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‘Coral zombies’ may eat away world’s reefs

‘Coral zombies’ may eat away world’s reefs
A diver from the Philippine Coast Guard measures coral damages after the USS Guardian, a U.S. Navy minesweeper, ran aground at the Vicinity of South Islet in Tubbataha Reefs in Palawan province, west of Manila, in this January 22, 2013 handout picture provide by the Philippine Coast Guard. The USS Guardian ran aground in the Sulu Sea off the Philippines on Thursday, and was stuck on a reef, the Navy said. The ship, with a crew of 80, had just completed a port call at Subic Bay in the Philippines, when the grounding occurred. Picture taken January 22, 2013. REUTERS/Philippine Coast Guard/Handout (PHILIPPINES - Tags: ENVIRONMENT POLITICS MILITARY MARITIME) ATTENTION EDITORS - THIS IMAGE WAS PROVIDED BY A THIRD PARTY. FOR EDITORIAL USE ONLY. NOT FOR SALE FOR MARKETING OR ADVERTISING CAMPAIGNS. THIS PICTURE IS DISTRIBUTED EXACTLY AS RECEIVED BY REUTERS, AS A SERVICE TO CLIENTS - RTR3CVBJ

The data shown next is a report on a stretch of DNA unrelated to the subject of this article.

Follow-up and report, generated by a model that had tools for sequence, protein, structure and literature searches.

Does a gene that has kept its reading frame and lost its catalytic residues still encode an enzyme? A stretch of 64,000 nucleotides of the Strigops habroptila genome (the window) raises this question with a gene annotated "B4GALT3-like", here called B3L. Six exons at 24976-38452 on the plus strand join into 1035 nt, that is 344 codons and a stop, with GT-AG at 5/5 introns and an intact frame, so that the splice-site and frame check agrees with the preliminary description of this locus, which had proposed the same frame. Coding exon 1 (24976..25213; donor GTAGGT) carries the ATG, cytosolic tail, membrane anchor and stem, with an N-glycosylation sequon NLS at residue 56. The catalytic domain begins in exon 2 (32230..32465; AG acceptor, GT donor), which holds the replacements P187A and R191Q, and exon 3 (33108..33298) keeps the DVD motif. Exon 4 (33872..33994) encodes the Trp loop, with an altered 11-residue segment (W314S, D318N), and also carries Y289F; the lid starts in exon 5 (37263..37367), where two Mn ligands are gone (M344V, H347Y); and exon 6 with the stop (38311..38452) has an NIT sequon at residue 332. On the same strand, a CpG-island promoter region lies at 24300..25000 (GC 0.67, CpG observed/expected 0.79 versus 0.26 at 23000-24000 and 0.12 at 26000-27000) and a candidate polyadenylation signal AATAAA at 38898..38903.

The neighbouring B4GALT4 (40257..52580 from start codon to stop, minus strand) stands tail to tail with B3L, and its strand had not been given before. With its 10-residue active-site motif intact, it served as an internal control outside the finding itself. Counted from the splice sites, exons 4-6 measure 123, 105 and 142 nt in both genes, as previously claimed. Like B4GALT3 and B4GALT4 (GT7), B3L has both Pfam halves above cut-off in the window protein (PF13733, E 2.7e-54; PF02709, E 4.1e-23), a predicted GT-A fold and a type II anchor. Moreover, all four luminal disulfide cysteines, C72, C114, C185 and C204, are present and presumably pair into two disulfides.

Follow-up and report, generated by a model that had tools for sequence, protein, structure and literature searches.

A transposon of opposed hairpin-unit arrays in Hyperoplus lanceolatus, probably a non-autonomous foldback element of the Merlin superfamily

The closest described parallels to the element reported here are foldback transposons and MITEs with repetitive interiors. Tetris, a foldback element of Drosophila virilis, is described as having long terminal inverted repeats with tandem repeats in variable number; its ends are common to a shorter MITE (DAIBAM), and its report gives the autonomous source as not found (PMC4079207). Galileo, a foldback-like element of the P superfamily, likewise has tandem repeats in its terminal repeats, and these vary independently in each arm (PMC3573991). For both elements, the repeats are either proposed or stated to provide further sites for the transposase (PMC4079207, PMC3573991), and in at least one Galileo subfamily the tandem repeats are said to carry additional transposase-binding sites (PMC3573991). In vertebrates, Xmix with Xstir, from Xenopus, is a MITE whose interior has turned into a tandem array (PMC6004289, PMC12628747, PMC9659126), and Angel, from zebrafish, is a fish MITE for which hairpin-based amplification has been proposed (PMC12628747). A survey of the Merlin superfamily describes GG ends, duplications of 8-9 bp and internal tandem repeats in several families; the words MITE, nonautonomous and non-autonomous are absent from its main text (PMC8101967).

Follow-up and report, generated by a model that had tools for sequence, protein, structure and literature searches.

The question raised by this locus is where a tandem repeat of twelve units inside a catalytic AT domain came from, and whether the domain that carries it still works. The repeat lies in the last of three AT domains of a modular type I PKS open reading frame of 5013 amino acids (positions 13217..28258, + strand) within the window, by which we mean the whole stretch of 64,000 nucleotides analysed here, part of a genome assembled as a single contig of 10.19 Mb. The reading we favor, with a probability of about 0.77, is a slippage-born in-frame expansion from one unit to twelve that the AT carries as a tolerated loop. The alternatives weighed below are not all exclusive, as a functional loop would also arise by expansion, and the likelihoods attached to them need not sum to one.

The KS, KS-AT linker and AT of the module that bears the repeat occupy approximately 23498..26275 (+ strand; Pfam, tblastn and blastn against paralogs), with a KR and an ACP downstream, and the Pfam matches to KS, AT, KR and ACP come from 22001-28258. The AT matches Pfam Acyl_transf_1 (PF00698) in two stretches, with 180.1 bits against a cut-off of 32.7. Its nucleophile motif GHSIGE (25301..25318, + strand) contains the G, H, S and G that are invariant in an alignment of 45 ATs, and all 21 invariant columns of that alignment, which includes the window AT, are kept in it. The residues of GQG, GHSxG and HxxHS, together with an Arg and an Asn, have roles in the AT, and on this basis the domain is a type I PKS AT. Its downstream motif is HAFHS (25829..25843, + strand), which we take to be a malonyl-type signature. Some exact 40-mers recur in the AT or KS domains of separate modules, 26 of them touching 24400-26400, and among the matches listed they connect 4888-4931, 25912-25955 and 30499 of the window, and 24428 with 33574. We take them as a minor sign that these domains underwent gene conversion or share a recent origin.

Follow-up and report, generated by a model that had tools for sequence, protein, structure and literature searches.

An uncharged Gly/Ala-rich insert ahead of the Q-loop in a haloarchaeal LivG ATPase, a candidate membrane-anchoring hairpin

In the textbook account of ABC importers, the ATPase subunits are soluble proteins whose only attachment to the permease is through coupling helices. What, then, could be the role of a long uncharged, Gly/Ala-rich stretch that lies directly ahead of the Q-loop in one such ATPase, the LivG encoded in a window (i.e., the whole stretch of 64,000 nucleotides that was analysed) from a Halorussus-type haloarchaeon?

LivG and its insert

Washington : Coral reefs are having a rough go over the last few decades and in a worst-case scenario, scientists were counting on large, healthy-looking corals to repopulate.

But it turns out these seemingly healthy colonies are “Coral Zombies” with no reproductive ability, which makes them useless in a recovery effort.

University of Central Florida biologist John E. Fauth, who sampled 34 sites across the Caribbean for a recent study, said “It’s pretty discouraging. This is not good news.”

The study, led by Cheryl M. Woodley, sampled 327 coral colonies off the coasts of Florida, Puerto Rico, and St. Thomas, St. John and St. Croix in the US. The researchers analyzed the samples to determine the reproductive ability of elkhorn coral (Acropora palmata), which is a threatened species.

In some places – including two sites in the Florida Keys – the coral had no eggs or sperm. The study suggests that with no ability to propogate, elkhorn corals in those spots will eventually die out – like zombies, they essentially are walking dead. Two samples from a more remote area in St. Croix found the coral had 100 percent reproduction ability.

“Basically the places with the heaviest tourism had the most severe damage,” Fauth said. He dove and took samples from all of the Puerto Rican sites in the study, along with marine biologists Michael Nemeth and Katie Flynn.

This study adds to growing evidence that coral reefs frequented by divers are in peril.

The study has been presented at the 13th International Coral Reef Symposium in Honolulu. (ANI)